Botany II - Applied Plant Physiology

Course CodeBSC204
Fee CodeS3
Duration (approx)100 hours
QualificationStatement of Attainment


Study the principles and practices of plant physiology in this advanced botany course. Learn in depth how plants grow, which factors promote their development and which factors hinder their growth. This course is for people who work or wish to work in the horticulture industry or as a scientist, for nursery personnel, technicians and researchers and science students wishing to further their knowledge in plant physiology.  

Lessons include: Flower physiology; photoperiodism; control of flower bud initiation and development; dormancy; effects of plant associations and competition; respiration and post harvest physiology; post harvest storage, transport, retailing and shelf life; endogenous and synthetic growth regulators; risks involved with plant growth manipulation.botany II.

ACS Student comment: "I find the course quite interesting! At first glance the reading material and questions look so simple, but they actually require quite a bit of thinking and probing.  The course is very well designed!" - Joanne McLeod, Australia - Botany II course.

Lesson Structure

There are 10 lessons in this course:

  1. Flower physiology
    • Introduction
    • The flowering response
    • Genes control flowering
    • Physiological age
    • Minimum leaf number
    • Photoperiodism
    • Terminology
  2. Phytochrome
    • Light sensing systems
    • Blue light responses
    • Red light responses
    • Other light responses
    • Phytochrome
    • Photoreceptor forms: Pr, Pfr
    • How molelcules change
    • Relevance to commercial horticulture
    • Controlling light
    • Terminology
  3. Photoperiodism
    • Light
    • Measuring light
    • What wavelengths do plants need
    • Typical photoperiod responses
    • Photoperiodic responses in seasonal flowering plants
    • Photoperiodic classification of plants: short day plants, long day plants, day neutral plants
    • Detection of photoperiod
    • Critical photoperiod and flowering
    • Research facts
    • Other photoperiodic effects
    • Terminology
  4. Control of flower bud initiation and development
    • Stages in flower bud growth
    • What can affect flower bud initiation
    • Differentiation
    • Development
    • Anthesis
    • Effect of temperature on growth and flowering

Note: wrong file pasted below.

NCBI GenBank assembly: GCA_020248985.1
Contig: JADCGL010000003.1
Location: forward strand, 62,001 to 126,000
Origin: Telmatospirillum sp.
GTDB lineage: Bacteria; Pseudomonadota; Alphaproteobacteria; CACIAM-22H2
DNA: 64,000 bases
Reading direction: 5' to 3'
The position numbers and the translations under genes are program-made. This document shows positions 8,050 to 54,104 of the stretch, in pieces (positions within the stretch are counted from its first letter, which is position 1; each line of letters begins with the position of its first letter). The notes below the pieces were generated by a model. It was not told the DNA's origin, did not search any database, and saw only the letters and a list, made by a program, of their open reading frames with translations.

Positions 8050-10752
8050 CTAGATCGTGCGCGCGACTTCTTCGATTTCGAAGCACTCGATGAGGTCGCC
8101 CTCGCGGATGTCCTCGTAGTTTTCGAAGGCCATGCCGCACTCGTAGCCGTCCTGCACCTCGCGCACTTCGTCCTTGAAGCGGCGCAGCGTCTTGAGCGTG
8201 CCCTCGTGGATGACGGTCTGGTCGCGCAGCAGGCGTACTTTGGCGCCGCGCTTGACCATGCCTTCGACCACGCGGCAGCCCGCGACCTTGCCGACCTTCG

• Vernalisation
    • Thermoperiodism
    • Research reports or reviews of specific plants
    • Terminology
  5. Dormancy
    • Dormancy in plants
    • Abscisic acid and dormancy
    • Breaking dormancy
    • Dormancy in seeds
    • Factors affecting seed dormancy
    • Breaking seed dormancy
    • Terminology
  6. Effects of plant associations and competition
    • Introduction
    • Competition
    • Parasitism
    • Coevolution
    • Mutualism
    • Plant herbivore and pathogen interactions
    • Crop spacing and crop yields
    • Crop canopy and plant density
    • Impact of weeds
    • Protected environments
    • Greenhouses
    • Shadehouses
  7. Respiration and post harvest physiology
    • Respiration
    • Glycolysis
    • Aerobic respiration
    • Anaerobic respiration
    • Bioluminescence and Fluorescence
    • Post harvest respiration
    • Terminology
  8. Post harvest storage, transport, retailing and shelf life
    • Effect of growing conditions on post harvest life
    • Controlled storage conditions: temperature, atmosphere, humidity
    • Normal atmospheric conditions
    • Controlled and modified atmospheres
    • Effect of oxygen levels Effect of carbon dioxide levels
    • Ethylene
    • Controlling ethylene levels
    • Modified Atmosphere Packaging
    • Commodity transport
    • Retailing and shelf life
  9. Endogenous and synthetic growth regulators
    • Nature of plant hormones
    • Auxins: IAA, IBA, NAA
    • Gibberellins: natural and synthetic
    • Cytokinins: over 130 different types
    • Abscisic acid
    • Ethylene
    • Other hormones: anti auxins, growth inhibitors, growth retardants, defoliants, growth Stimulators, non standard hormones